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Catch!
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Photo: Karen Roach
I walk my dog every evening. More often than not, I see a father and his two sons in the front yard of one house on the route. They are practicing baseball. As I near the corner, I hear a steady “tink” of an aluminum bat hitting something. Not regulation baseballs usually, but hollow plastic whiffle-balls. Dad, on a camp stool, pulls balls out of a bucket, and casually tosses them one after another. One of the boy cuts at the ball with his bat. The balls are too light to go far when hit. They land in the front yard. The other boy runs around gathering up the balls, and putting them in a second bucket. When the first bucket is empty, the boys trade places. 

The man is in his late thirties. One boy is tall and lanky, about twelve or thirteen years old. The other boy may be five. The older boy generally hits the tossed balls. Kid brother connects less than half the time. He really tries, though. He wants to do as well as his older brother.

Sometimes they play catch – tossing the ball back and forth among each other. Sometimes dad tosses balls high in the air, giving his sons practice at shagging fly balls. Sometimes dad is in a catcher’s crouch while the older boy throws heat – as much as a twelve-year-old can throw a fastball.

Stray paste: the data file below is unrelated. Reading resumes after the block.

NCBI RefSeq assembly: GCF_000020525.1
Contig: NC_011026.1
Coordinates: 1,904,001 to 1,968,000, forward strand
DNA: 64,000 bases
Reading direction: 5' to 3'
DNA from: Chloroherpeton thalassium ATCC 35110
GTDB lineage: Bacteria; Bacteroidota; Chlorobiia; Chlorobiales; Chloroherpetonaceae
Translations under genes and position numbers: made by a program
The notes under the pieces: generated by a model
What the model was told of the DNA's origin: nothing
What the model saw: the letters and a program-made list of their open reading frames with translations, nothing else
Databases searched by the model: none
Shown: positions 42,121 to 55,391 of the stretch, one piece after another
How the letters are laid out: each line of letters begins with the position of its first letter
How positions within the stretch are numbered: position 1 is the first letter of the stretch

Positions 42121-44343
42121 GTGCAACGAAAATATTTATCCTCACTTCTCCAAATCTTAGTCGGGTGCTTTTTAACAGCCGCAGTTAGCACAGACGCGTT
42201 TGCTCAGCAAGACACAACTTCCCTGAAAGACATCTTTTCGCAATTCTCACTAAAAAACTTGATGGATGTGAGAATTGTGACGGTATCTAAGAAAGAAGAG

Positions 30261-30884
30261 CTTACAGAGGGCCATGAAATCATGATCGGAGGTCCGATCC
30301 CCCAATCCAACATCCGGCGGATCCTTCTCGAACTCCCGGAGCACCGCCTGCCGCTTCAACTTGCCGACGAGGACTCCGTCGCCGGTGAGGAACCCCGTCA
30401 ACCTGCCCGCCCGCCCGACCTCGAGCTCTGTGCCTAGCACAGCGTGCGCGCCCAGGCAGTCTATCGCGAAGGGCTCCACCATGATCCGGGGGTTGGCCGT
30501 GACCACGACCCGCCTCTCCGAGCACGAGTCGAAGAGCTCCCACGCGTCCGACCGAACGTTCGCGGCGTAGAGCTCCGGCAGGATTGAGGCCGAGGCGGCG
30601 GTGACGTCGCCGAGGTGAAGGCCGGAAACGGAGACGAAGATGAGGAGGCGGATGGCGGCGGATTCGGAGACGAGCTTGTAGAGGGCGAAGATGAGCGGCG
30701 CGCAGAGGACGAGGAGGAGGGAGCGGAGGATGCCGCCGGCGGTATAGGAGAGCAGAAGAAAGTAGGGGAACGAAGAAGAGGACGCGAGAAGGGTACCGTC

What strikes me is that over the circuit I walk, this house is generally the only one where parents are doing something with their children. Many neighborhood houses have children – perhaps one in four. Children walk around the neighborhood in clusters, much as I remember doing back when I was a child. But only in front of this house to I regularly see dad out in front of the house, with his children. 

Spending Time

I am sure than some neighborhood parents do things with their kids at activities outside home. Yet I also know many neighborhood parents spend the evening in front of the television. They tell themselves their children have their own interests. Why would they want to spend time with the parents?

It is an easy trap to fall into. Then the question rises who is really raising your children? Not you. You may provide them with food, clothing and a place to eat, but someone else is molding them into adults. That someone or some ones is whomever they are with. It may be other children, if that is with whom your children spend their time. Then what? I doubt children have better judgment than adults.

The father playing ball with his boys is giving his children the most precious thing that he has to give – his time. It is something they will remember when they are adults and hopefully pass on to their kids.

I sometimes think about telling that dad what a great job he is doing. I never do, though. Maybe he realizes already the importance of a simple game of catch.

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By Mark Lardas. Copyright © 2009 by GraceNotes. All rights reserved. Use of this material is subject to usage guidelines.



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